One of the reasons why it is a good idea for you to have your own attorney and for your spouse to have their own attorney during the process of negotiating and drafting a postnuptial agreement is that the attorneys will be able to draft a unique document for you and your spouse to sign. What you want to avoid is a fill in the blank type document that you can pull from the internet for free. If there is a disagreement over language in the future and you take your generic postnuptial agreement to court it may not be enforceable.
Have an attorney (both of you)
There is no law in Texas that mandates that both you and your spouse have attorneys during the negotiation and drafting of a post-nuptial agreement. However, as I mentioned a moment ago it is a good idea for both you and your spouse to be represented by separate attorneys. The reason being is that while you are married, your interests may not be identical from a financial perspective. Having your own attorney means that you will be given specific advice that you know is intended only to benefit you. Sharing an attorney creates a situation where neither you nor your spouse can be sure that the advice given to you is intended solely to benefit you.
Have a judge declare the agreement as valid and enforceable
Unlike with a child custody or divorce case, you do not have to go before a judge prior to the end of a postnuptial agreement negotiation. All you have to do is keep a hold of the document for your records. There is no requirement that the document be filed. There is no family court cause number attached to the document.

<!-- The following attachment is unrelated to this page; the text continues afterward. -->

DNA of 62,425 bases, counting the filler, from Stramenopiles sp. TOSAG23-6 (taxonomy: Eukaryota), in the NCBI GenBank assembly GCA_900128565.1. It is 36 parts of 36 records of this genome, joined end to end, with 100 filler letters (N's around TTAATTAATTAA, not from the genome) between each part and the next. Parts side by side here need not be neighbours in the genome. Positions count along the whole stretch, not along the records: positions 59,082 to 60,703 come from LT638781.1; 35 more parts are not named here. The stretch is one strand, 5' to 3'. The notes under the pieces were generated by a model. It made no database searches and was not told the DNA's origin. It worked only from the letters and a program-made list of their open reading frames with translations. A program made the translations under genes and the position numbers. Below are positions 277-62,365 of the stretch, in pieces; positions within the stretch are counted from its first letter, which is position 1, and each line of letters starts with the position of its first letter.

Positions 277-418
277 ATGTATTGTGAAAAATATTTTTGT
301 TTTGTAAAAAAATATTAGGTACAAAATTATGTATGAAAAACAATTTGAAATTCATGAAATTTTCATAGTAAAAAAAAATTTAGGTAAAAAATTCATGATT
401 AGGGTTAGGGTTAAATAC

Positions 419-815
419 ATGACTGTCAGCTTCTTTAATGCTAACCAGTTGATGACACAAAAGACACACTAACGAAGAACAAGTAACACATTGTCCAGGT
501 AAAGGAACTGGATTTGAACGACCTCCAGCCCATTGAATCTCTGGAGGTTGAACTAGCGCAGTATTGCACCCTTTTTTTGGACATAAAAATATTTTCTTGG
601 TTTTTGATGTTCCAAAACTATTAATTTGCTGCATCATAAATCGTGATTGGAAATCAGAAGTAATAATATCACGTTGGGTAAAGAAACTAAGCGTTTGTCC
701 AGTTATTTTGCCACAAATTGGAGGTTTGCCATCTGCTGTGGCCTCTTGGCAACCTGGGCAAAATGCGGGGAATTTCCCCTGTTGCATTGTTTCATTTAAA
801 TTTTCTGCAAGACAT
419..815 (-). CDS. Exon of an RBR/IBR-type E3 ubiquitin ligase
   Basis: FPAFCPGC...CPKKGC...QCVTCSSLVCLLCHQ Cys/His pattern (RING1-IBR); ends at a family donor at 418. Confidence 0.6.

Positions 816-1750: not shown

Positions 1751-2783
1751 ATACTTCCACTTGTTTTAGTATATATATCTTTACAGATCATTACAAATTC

Because of this, I would recommend that you file a motion with the family court in your county wherein you ask a judge to issue a ruling as to whether or not the agreement is valid and enforceable. This will let you know if you have to go back and change anything about the agreement in order for it to be declared to be enforceable.
Now that we have gone over some general information about postnuptial agreements, I wanted to share with you some information that is a little bit more specific in nature.
For instance, a question that I receive a great deal in regard to postnuptial agreements is whether or not there are any assets that you and your spouse would not be able to keep as separate property in the postnuptial agreement. The answer would be that all assets owned by either spouse before your marriage can remain your separate property.
Issues regarding children and postnuptial agreements
Unless you and your spouse agree to something related to your child that is found to be in that child’s best interests the court will not allow anything regarding a child within postnuptial agreement to be enforced. The best interests of your child will be determined at the time your agreement is signed. For instance, it can never be found that any provision within a postnuptial agreement that is related to creating a maximum level of child support is ever valid.